Has this ever happened to you?
You are in a good place in your life, grateful for your lovely house, and happy with most of your decisions and opportunities. The days tick by nicely, until one day someone from your past appears out of the blue. They may be an old flame, an old neighbor, or your friend’s creepy uncle. Suddenly, you are transported back in time, back to a day of uncertainty, frustration or grief.
And yet we know, on some level of our consciousness, that allowing ourselves to get pulled back into the past does us no good. When we relive an old moment, our bodies don’t know the difference between a memory and a current event. Our heart starts to race as if it is happening now. Our throat tightens, our limbs stiffen, and our thoughts get extraordinarily focused…on this unproductive memory. We lose awareness of ourselves and sink into that old moment. Unfortunately, some of our reactions may also then become old ones. When we have a second to step away mentally from the memory, we may give our heads a shake. “What was I thinking? Why did I just react like that?”
There are other situations in life that we may fall into this unawareness. Where we lose our current consciousness and best decision-making skills. This happens if our brain is hijacked by our fight or flight responses. It happens if we relive a traumatic moment, or if we allow a fear or phobia to take over.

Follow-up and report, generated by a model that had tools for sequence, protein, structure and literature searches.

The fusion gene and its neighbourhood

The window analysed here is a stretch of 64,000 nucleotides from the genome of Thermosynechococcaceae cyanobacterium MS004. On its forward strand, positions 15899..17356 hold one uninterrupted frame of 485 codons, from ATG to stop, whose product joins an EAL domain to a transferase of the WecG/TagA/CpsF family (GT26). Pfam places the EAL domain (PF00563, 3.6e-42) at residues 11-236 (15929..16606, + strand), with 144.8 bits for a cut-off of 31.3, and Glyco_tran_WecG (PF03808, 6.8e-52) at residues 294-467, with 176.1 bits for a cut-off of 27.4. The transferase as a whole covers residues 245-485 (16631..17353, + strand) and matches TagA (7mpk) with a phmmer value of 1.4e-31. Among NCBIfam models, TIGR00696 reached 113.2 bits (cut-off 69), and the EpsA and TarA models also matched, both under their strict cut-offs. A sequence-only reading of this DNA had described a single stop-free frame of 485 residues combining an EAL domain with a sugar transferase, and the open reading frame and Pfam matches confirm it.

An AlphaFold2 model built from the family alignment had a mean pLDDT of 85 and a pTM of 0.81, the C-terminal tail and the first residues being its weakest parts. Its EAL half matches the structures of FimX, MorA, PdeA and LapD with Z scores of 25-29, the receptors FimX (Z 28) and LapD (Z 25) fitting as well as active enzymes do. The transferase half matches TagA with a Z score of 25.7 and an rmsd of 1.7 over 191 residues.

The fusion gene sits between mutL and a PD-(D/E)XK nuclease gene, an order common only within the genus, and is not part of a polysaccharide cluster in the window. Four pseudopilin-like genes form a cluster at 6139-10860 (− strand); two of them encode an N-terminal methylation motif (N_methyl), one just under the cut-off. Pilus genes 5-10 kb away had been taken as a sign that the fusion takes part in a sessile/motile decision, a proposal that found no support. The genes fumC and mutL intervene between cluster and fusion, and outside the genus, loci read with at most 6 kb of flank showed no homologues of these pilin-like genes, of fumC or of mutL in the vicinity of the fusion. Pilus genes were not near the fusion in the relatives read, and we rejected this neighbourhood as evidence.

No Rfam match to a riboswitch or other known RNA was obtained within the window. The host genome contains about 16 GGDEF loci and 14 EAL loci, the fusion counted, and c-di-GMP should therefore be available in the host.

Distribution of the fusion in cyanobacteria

So, how do we put our past behind us? How can we stay present and aware so that our memories, thoughts and emotions don’t unconsciously take over?
1. Practice mindfulness throughout your day. This includes being aware of your thoughts, and which ones follow what, down the road to an emotion. Once you can be aware of thoughts and emotions, you will be able to more readily shift them both so that you don’t fall into an old reactive habit.
2. Sit in a safe space with a safe person, and, if viable, relive and process that old memory to allow you to work through it and come out the other side with a different frame of mind. If your memory was a serious or traumatic one, please make a counsellor or therapist the safe person.
3. Practice multiple perceptual positions. In a conversation, focus on being YOU. Feel your feelings, notice your surroundings, hear what is happening, use your senses to be as present, in your body and with the other person, as possible. THEN practice observation. Pretend you are the watcher of your thoughts and feelings. What are you thinking? How are your emotions displaying on your face? What are your responses? Ask these questions as the observer of yourself. THEN if possible, observe the observer, as if you are watching yourself, watching the conversation on a movie screen. If this one is difficult, focus on moving in and out between the 1st and 2nd position. If you want help moving into the 3rd position, let me know.
When your daily habit becomes awareness and mindfulness, and observing how you respond and react, you will be more informed of your emotional response and better able to remove yourself from that past moment.
If you are also able to work through some of the more intense emotional moments, you can effectively release the attachment to that memory. There are additional methods to this process that are helpful, but not appropriate through written instruction.
When you find yourself falling back into an emotional memory, try taking these actions in the moment:
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